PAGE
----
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DIY Front master cylinder sight window repair

Discussion in 'Maintenance and Servicing' started by Tobbera, Feb 27, 2012.

  1. Have you problems with your front master cylinder sight/inspection window leaking brake fluid? I had. Are you reluctant to spend $250 on a new master cylinder for a such trivial issue? Here is how to repair it for coffee money with the help of all-round epoxy glue.

    Material needed is transparent epoxy glue, or even better, proper epoxy resin, used in for example boat repair and building. This is a awesome thing to have at the shelf for all kinds of general repairs and manufacturing, not only on the bike. I did not have proper epoxy resin at hand so I settled with general fast curing epoxy glue from Bunnings, cost about $10.

    How is it done?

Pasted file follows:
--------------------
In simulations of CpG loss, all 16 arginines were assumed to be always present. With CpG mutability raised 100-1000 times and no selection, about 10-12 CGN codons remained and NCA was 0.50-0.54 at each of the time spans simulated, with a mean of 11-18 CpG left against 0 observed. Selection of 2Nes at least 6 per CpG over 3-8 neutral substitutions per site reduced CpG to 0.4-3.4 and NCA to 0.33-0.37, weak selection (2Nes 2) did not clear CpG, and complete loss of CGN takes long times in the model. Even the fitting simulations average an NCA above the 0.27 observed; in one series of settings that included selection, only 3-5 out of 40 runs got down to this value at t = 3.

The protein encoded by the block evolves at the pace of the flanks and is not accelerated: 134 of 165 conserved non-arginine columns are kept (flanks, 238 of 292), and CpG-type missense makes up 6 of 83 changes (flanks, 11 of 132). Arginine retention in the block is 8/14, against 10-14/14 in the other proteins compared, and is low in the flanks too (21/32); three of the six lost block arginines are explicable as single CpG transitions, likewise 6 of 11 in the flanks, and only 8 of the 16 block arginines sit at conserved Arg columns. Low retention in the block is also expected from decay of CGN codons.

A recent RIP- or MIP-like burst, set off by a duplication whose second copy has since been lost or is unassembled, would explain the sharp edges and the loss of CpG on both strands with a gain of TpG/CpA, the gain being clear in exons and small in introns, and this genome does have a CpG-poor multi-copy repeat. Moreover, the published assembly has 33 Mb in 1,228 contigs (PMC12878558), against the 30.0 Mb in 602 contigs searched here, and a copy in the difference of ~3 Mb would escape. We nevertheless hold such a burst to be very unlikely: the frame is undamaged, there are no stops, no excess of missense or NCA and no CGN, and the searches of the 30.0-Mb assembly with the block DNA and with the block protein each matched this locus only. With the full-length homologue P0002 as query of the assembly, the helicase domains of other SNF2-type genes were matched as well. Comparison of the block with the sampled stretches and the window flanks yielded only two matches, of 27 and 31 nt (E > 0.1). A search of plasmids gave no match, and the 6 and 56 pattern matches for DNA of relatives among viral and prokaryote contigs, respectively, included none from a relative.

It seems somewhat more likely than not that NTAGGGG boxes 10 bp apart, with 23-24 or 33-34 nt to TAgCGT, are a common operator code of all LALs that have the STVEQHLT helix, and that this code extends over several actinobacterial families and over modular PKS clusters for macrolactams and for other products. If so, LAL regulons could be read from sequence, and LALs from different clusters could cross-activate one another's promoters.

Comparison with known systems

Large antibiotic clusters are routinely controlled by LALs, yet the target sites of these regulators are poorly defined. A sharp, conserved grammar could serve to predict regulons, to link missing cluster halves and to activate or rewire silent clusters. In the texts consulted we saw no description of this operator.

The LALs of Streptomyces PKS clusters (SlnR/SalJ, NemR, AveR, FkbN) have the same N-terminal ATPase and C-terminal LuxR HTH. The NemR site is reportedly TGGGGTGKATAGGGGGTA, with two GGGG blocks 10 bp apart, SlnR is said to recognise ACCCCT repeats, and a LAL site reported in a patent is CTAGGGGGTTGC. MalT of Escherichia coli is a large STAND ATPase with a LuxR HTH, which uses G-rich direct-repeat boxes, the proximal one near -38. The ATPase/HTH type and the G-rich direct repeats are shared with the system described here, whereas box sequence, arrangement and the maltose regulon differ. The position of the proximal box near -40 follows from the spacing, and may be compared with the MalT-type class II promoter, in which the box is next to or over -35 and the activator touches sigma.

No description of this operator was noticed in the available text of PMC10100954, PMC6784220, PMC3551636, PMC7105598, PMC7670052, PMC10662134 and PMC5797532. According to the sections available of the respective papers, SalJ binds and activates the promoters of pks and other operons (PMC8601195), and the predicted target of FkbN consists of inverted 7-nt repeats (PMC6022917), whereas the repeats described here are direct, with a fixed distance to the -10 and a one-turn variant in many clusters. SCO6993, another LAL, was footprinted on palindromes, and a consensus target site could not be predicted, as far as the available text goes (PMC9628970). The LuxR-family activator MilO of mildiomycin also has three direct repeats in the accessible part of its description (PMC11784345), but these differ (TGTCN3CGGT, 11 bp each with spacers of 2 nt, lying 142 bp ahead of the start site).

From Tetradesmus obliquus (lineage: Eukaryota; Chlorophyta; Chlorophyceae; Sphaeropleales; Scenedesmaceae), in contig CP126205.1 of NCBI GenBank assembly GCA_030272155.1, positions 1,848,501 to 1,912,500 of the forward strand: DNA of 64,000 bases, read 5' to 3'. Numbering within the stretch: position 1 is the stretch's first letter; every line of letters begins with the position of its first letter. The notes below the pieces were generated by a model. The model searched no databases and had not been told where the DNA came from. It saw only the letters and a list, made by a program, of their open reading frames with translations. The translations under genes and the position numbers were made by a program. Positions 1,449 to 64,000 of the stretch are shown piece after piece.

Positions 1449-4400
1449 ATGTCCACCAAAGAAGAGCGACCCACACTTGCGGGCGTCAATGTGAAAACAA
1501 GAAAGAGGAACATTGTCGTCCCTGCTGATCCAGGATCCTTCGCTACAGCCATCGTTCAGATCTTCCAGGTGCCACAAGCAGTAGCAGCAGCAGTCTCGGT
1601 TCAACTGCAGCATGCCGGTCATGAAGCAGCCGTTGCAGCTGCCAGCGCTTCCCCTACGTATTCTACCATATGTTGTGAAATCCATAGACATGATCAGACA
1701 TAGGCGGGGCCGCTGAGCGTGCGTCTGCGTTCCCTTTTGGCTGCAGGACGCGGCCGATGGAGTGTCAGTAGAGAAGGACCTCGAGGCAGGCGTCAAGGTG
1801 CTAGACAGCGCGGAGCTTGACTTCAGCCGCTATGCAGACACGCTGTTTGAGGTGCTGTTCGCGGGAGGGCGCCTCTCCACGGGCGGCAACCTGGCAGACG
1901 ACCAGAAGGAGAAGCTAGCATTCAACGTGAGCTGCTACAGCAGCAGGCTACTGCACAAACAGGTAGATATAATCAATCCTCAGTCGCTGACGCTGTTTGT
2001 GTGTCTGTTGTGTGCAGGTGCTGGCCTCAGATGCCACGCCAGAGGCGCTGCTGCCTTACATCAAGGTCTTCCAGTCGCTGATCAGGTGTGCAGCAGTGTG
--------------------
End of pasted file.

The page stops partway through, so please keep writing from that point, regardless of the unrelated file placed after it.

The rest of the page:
1. Drain the brake fluid via the caliper at the wheel.
    2. Remove the master cylinder from the bike.
    3. Wipe of all grease and fluid from the window and surounding areas with solvent such as terpentine.
    4. Work the same area with a rough sand paper to prepare for a solid bond with the epoxy.
    5. Wipe and clean again.
    6. Place the cylinder perfectly horizontal with the windows facing up.
    7. Mix a couple of milliliters of epoxy on for example a piece of cardboard.
    8. Pour the epoxy into the cradle where the windows is, practically creating a new window out of epoxy. Pout all the way up to the edge for a sleek flush fit. If you cant pour it, use a wood screw and drop it in there.
    9. Let it cure. Use heat to speed curing if needed.
    10. Remount master cylinder on bike and fill up with fresh fluid.


    What would I have done different if I would do it again?
    • Mix the epoxy more gentle to avoid getting bubbles in the "new window".
    • Take the opportunity to total disassemble the master cylinder and maybe replace rubbers, seals etc.
    • Repaint the hole thing.

    Good luck!

  2. You can use a hair dryer on a gentle heat to heat the bubbles out of the epoxy, works very well.

    You did, of course, check to see if epoxy is compatible with brake fluid before you started, right? :-k
  3. Thank for the tip!

    Well, never seen any chemicals beat epoxy. And it has kept sealed for 3 month... :]
  4. Good stuff.